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Voters’ wrath? Policy change and government popularity

Arndt, C., Jensen, C. and Wenzelburger, G. (2020) Voters’ wrath? Policy change and government popularity. Governance. ISSN 1468-0491

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To link to this item DOI: 10.1111/gove.12483

Abstract/Summary

Recent research suggests that voters are bad at responding in a meaningful way to policy events when deciding for whom to vote. Voters rely on so-called ”blind retrospection,” punishing governments for events outside politicians’ control. However, another core aspect of the blind retrospection perspective has not been put to the test: are voters unable to respond to policy decisions that clearly are under the politicians’ control? We construct a unique large-N dataset on legislative changes in German old age pensions and unemployment protection to see if cutbacks and expansions lead to lower/higher support for the government. Our data are exceptionally fine-grained and allow us to track the policy-vote link for 416 months from 1977 to 2013 with a total of 329,167 respondents. We find substantial support for the notion that voters react in a meaningful way to policy changes, but also that they can be distracted by high-profile, extreme events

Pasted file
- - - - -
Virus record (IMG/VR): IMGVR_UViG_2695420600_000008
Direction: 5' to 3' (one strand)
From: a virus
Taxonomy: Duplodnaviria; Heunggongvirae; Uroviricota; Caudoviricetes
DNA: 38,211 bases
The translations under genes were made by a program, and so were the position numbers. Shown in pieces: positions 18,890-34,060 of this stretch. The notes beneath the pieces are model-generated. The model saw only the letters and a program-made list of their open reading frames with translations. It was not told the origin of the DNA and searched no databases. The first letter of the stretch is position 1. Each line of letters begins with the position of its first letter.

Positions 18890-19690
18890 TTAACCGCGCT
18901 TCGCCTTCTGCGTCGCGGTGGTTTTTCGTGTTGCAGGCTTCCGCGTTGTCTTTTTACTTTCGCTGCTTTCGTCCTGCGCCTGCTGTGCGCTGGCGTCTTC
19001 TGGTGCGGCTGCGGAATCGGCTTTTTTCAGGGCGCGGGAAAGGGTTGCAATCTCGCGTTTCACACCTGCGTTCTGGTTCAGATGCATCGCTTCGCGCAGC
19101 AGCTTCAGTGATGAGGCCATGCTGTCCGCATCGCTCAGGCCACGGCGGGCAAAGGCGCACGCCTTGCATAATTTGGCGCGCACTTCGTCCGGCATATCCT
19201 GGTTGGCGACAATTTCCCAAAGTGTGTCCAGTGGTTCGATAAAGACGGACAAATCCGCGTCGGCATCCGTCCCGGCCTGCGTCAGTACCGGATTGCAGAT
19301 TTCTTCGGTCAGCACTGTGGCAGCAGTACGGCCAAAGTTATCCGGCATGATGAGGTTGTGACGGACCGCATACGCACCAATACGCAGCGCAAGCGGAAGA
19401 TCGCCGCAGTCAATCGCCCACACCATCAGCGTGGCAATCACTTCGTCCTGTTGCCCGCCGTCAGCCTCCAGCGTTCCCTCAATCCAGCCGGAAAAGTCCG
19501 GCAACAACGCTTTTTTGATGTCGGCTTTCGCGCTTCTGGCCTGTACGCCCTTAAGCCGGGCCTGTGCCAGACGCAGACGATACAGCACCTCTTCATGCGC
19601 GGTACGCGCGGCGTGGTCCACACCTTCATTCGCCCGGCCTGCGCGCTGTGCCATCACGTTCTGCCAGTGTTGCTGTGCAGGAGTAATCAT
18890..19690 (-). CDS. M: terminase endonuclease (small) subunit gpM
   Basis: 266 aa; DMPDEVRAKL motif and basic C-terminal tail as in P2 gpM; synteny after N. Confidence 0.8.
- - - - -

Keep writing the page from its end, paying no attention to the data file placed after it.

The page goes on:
Item Type:Article
Refereed:Yes
Divisions:Faculty of Arts, Humanities and Social Science > School of Politics, Economics and International Relations > Politics and International Relations
ID Code:88837
Publisher:Wiley

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